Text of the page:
(HealthDay)—The addition of methylprednisolone (MP) to opioid therapy does not appear to increase the analgesic effect for cancer pain, according to research published online July 7 in the Journal of Clinical Oncology.
Ørnulf Paulsen, M.D., of the Telemark Hospital Trust in Skien, Norway, and colleagues randomly assigned 50 adult patients receiving opioids for cancer pain to either corticosteroid therapy with MP or placebo (PL).
At day seven, the researchers observed no difference between the groups in pain intensity (MP, 3.60 versus PL, 3.68; P = 0.88) or relative analgesic consumption (MP, 1.19 versus PL, 1.20; P = 0.95). Patients receiving MP, compared with those receiving PL, experienced reduced fatigue (−17 versus 3 points; P = 0.003), decreased appetite loss (−24 versus 2 points; P = 0.003), and increased patient satisfaction (5.4 versus 2.0 points; P = 0.001). No differences in adverse effects were observed between the groups.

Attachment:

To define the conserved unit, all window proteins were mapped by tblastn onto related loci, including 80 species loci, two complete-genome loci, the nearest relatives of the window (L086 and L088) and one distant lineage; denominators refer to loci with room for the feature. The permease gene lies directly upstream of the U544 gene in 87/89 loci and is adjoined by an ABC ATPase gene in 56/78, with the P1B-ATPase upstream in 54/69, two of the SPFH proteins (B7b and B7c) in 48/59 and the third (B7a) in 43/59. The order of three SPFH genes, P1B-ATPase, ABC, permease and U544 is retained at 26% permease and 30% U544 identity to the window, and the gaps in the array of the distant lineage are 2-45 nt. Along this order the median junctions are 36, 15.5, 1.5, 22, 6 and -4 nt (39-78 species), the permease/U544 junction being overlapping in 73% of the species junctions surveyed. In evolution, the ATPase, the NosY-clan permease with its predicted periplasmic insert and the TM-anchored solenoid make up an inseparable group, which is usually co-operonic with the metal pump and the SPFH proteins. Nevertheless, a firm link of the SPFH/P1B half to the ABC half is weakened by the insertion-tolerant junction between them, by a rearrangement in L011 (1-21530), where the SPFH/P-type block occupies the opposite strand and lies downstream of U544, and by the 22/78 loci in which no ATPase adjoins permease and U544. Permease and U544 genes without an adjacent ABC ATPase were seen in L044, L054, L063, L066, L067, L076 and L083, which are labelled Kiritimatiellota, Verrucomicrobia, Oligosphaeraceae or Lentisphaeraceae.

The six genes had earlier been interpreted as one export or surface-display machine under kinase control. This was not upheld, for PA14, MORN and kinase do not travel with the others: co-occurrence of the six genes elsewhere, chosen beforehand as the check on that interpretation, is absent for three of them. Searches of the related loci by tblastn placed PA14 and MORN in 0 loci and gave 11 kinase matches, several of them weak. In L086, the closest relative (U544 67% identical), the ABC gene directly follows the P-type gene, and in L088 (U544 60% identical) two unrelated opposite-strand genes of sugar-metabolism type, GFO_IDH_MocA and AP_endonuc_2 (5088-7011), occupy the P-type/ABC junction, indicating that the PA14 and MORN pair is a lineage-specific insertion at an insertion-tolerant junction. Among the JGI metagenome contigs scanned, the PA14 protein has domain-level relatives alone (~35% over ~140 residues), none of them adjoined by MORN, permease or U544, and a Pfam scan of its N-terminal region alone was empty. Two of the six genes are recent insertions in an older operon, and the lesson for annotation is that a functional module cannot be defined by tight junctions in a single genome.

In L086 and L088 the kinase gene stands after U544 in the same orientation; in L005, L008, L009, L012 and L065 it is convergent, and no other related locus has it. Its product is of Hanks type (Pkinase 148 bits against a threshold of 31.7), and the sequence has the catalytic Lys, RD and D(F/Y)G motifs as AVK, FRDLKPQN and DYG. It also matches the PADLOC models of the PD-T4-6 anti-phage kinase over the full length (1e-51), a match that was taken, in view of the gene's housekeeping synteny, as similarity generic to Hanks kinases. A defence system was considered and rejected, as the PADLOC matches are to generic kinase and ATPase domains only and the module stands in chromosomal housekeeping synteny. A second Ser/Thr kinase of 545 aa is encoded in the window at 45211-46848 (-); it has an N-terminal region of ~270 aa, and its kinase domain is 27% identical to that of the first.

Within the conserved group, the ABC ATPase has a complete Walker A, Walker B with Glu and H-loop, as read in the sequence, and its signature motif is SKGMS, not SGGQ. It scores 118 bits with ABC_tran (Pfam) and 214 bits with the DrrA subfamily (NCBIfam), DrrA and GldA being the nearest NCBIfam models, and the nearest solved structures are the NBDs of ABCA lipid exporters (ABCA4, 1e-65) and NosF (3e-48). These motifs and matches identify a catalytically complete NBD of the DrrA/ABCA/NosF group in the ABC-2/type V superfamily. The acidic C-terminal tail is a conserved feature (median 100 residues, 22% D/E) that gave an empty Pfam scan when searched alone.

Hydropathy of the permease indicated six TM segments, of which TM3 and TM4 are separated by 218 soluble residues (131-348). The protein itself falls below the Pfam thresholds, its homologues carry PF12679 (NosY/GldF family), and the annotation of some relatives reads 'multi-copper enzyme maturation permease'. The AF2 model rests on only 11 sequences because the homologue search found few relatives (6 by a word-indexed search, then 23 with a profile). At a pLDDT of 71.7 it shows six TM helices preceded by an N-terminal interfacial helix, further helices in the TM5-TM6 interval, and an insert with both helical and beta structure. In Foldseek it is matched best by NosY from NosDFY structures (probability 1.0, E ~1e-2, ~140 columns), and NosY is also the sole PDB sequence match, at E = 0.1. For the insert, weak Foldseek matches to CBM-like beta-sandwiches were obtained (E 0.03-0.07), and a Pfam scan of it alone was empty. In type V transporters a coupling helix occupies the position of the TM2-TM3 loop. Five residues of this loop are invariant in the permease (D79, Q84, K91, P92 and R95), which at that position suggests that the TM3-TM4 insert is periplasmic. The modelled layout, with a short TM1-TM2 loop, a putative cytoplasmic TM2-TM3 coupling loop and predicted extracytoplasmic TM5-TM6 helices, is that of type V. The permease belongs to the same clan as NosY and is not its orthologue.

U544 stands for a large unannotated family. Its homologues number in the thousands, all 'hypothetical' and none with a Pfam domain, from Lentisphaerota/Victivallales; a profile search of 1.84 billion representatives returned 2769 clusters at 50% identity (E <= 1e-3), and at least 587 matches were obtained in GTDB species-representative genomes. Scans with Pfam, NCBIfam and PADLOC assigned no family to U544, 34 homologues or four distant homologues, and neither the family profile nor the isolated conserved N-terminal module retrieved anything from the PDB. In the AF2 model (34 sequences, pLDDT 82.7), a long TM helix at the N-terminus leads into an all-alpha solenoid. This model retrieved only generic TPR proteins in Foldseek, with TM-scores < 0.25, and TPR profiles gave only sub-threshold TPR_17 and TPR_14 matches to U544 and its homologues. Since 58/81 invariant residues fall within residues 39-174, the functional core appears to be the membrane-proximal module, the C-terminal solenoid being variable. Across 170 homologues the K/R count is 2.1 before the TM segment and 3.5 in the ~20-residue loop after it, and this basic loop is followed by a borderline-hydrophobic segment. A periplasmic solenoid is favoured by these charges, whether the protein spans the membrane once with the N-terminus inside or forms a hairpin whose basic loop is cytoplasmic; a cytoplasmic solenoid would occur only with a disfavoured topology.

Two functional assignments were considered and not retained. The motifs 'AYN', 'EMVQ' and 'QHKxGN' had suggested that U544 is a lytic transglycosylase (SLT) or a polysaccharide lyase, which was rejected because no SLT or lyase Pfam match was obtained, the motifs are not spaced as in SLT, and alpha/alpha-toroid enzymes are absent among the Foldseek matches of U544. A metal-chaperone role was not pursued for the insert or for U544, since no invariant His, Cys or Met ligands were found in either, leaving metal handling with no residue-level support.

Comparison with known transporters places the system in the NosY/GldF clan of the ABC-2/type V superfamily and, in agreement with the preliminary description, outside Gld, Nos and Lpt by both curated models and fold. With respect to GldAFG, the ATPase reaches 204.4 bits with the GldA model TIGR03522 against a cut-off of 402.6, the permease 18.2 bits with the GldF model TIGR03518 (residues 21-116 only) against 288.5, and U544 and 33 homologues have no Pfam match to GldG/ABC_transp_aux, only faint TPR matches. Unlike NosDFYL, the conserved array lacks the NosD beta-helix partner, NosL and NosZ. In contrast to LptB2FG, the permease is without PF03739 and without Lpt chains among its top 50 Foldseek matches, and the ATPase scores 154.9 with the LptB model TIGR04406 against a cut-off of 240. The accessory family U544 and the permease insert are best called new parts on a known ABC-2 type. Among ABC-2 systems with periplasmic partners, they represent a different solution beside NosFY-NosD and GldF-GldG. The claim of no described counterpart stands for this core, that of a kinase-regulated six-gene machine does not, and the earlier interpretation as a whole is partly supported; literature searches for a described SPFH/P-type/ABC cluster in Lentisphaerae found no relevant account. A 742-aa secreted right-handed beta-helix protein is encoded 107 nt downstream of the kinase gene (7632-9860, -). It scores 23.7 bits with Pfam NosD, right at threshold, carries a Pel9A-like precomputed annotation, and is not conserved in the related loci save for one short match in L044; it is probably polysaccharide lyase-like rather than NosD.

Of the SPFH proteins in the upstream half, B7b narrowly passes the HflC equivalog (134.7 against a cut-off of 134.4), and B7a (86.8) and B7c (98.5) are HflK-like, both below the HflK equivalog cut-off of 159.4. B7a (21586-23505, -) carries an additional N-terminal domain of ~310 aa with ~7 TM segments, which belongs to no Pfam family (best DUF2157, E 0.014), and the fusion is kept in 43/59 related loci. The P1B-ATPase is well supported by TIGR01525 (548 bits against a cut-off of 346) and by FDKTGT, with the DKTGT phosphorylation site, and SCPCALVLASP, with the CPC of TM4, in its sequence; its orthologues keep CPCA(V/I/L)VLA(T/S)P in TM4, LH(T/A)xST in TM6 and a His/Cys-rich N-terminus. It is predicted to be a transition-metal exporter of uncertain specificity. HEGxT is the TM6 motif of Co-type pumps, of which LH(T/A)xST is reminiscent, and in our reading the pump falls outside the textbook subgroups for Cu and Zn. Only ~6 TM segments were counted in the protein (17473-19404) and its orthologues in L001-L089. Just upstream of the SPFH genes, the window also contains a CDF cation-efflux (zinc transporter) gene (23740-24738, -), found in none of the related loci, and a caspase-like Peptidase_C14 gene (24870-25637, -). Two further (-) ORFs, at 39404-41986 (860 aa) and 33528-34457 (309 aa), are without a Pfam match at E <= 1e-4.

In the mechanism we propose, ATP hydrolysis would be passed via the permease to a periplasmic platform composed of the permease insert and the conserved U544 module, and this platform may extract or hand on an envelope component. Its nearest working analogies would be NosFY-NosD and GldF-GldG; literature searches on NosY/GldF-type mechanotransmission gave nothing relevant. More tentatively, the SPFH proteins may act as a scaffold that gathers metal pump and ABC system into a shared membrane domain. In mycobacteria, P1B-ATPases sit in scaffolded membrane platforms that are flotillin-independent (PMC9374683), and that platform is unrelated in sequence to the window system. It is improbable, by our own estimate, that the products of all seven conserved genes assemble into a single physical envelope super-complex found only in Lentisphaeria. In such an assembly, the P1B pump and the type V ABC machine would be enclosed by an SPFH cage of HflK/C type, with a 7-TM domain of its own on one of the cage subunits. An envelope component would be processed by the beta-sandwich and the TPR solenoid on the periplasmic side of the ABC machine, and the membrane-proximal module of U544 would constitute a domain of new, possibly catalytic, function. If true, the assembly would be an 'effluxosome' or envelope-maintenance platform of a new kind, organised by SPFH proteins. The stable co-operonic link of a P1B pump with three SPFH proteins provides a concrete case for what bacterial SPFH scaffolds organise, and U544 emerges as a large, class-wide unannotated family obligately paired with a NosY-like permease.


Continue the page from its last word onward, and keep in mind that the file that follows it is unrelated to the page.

"MP 32 mg daily did not provide additional analgesia in patients with cancer receiving opioids, but it improved fatigue, appetite loss, and patient satisfaction," the authors write. "Clinical benefit beyond a short-term effect must be examined in a future study."
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